Skip to main content

Diane Mar-Nicolle

SFU B.Sc Student
Science › Biological Sciences

empty
Lindsay Wainwright
Her diverse academic and community experiences ultimately cemented her decision to pursue medicine.

This article was originally published on the SFU news on June 8, 2015.

Dynamo Lindsay Wainwright, 32, has already completed her second year of medical school at UBC even though she is just graduating with her SFU B.Sc. this June. But that’s typical for Wainwright, who is happiest doing two things at once.

The mature student had already earned a horticultural diploma at Kwantlen University and spent a few years orchid farming in New Zealand and Canada before enrolling in SFU’s biological sciences department in 2009.

Despite a heavy course load, she carved out time to volunteer with SFU Peer Programs, the First Nations Student Association, the Indigenous Student Centre and, outside of SFU, at Royal Columbian Hospital and the Urban Native Youth Association.

Her volunteer work in professor Nicholas Harden’s lab in early developmental biology led to a semester of full-time paid work funded by an SFU Vice President of Research Award. Additionally, Wainwright undertook two co-op work placements that helped her acquire basic scientific research skills and earned her a National Science and Engineering Research Council of Canada Award.

Her diverse academic and community experiences ultimately cemented her decision to pursue medicine.

Of her SFU experience Wainwright says, “As a Cree student, SFU has an excellent Aboriginal community and tons of resources. There are lots of opportunities for undergrads to do research, which opened many doors for me.”

The two-time recipient of the Aboriginal Community Involvement Award adds, “I appreciated that SFU has financial awards that recognize community involvement and not just grades. It just makes sense to reward those who are improving their community.”

For the summer, Wainwright has already lined up a research position with UBC’s Department of Plastic Surgery, a specialty she’s considering after medical school. She’s also hoping to squeeze in a weeklong hiking trip in Tofino, some surfing, gardening and a bit of wine tasting. Sounds like a jam-packed summer—not surprising for a super achiever like Wainwright.

About the Author

Diane Mar-Nicolle

SFU B.Sc Student
Science › Biological Sciences
Jien Hilario photo
What’s in a Name? Coming to Terms With Labelling Myself as a Person With a Disability

If you were to see Jien on campus, you wouldn’t know that she had a disability. She does not use a wheelchair nor does she have a seeing eye dog. She has an invisible disability. In this article, Jien shares her journey on how she came to terms with labeling herself as a person with a disability.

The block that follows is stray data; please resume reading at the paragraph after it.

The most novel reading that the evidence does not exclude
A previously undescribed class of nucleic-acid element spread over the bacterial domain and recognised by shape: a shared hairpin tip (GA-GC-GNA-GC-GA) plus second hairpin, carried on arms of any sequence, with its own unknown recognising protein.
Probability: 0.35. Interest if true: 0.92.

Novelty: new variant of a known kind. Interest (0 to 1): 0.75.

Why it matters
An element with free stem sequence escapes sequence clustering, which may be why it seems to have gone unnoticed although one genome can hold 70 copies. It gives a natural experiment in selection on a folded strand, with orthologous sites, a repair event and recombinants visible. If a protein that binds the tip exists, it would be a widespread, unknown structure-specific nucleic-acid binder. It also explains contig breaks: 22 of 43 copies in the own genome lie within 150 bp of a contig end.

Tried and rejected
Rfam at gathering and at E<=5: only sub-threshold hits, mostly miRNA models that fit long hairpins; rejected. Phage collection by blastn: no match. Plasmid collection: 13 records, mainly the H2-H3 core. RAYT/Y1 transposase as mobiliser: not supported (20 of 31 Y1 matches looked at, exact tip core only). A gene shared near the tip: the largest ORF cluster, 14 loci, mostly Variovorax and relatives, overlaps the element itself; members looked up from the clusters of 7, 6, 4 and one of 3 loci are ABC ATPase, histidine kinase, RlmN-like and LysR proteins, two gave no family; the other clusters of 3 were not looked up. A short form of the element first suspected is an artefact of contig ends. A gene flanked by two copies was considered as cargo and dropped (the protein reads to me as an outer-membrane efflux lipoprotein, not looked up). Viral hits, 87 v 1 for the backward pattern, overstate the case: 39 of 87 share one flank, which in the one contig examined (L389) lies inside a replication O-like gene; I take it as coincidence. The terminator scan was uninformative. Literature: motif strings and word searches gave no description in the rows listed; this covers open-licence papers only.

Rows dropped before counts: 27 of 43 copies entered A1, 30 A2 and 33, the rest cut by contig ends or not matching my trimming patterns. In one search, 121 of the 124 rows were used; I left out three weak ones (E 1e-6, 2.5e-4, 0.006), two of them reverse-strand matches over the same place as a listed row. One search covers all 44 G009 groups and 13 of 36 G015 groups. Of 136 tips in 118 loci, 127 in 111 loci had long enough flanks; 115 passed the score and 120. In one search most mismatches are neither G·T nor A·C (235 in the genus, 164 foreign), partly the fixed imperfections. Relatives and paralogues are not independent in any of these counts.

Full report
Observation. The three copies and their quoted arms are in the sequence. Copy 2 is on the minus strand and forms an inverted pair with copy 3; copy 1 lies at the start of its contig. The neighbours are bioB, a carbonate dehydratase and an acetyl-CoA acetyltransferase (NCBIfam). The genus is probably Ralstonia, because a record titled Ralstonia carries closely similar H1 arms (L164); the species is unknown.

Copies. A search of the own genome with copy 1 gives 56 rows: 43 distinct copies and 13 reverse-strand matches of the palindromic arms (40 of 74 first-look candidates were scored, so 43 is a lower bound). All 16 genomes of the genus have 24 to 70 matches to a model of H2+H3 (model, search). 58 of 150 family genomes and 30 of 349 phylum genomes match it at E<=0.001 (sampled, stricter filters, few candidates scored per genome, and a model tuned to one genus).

Injustice Anywhere is a Threat to Justice Everywhere
Why Doesn’t Canada Have a Disabilities Act?

It is 2018 and Canada has not yet implemented adequate protection and legislation for people with disabilities. When it comes to equality for all, Canada is falling far behind. In this article, Jien discusses the research and reality of why Canada needs a Disabilities Act.

We Can Do It!
How to Satisfy Your Inner Activist

When people think about social justice, they think of things like protests or hunger strikes, but the options don’t end there. These volunteer organizations can help you satisfy your inner activist.

You Might Like These... Co-op Reflections, Workplace Success, Work Term Wrap Up

Matt and his friends in India
From Foreigner to Family: My Co-op Term in India

Matt learned the true meaning of an international experience while working in India with SAP Business Objects. The OLC sat down with Matt upon his return to discover how he went from being an unknown foreigner to part of India's big family during his short stay there.

Changing grades
Get an 'A' on Your Performance Review

Want to ace your performance evaluation at the end of your work term? Don't just do your job... excel! Make a positive impact and get amazing reviews from your employers.

a man writing notes
Bon Voyage: How To Ensure Smooth Sailing As You Wrap Up Your Co-op Work Term

With work terms winding down to a close, most co-op students can’t help but reminisce warmly about friends made, skills gained and career opportunities uncovered while on the job. During this time, it is important to take advantage of a few tips for smooth sailing as you wrap up your work term.

You Might Like These... Co-op Reflections

a surprised woman with her hands over her eyes
Goodbyes Can be Surprising!

After spending eight months with TFCSE Natalie details the final days of her Co-op experience, and the many surprises she came across as she said her good-byes to volunteers and coworkers.

the author conducting a water sampling in Katzie Slough, holding a sample bottle and smiling at the camera
Who, What, Where, When and Why? Working for a Non-Profit

To anyone out there considering working for a not-for-profit organization, I want to share the lessons I learned at Watershed Watch with you. 

Jill in scuba diving gear on a boat
“I Never Dreamed About Having a Job Like This!”

Read about Jill's summer co-op with the Department of Fisheries and Oceans Canada, where she spent her time scuba diving, documenting algae and invertebrate species, hanging out with sea lions and possibly having the best summer ever!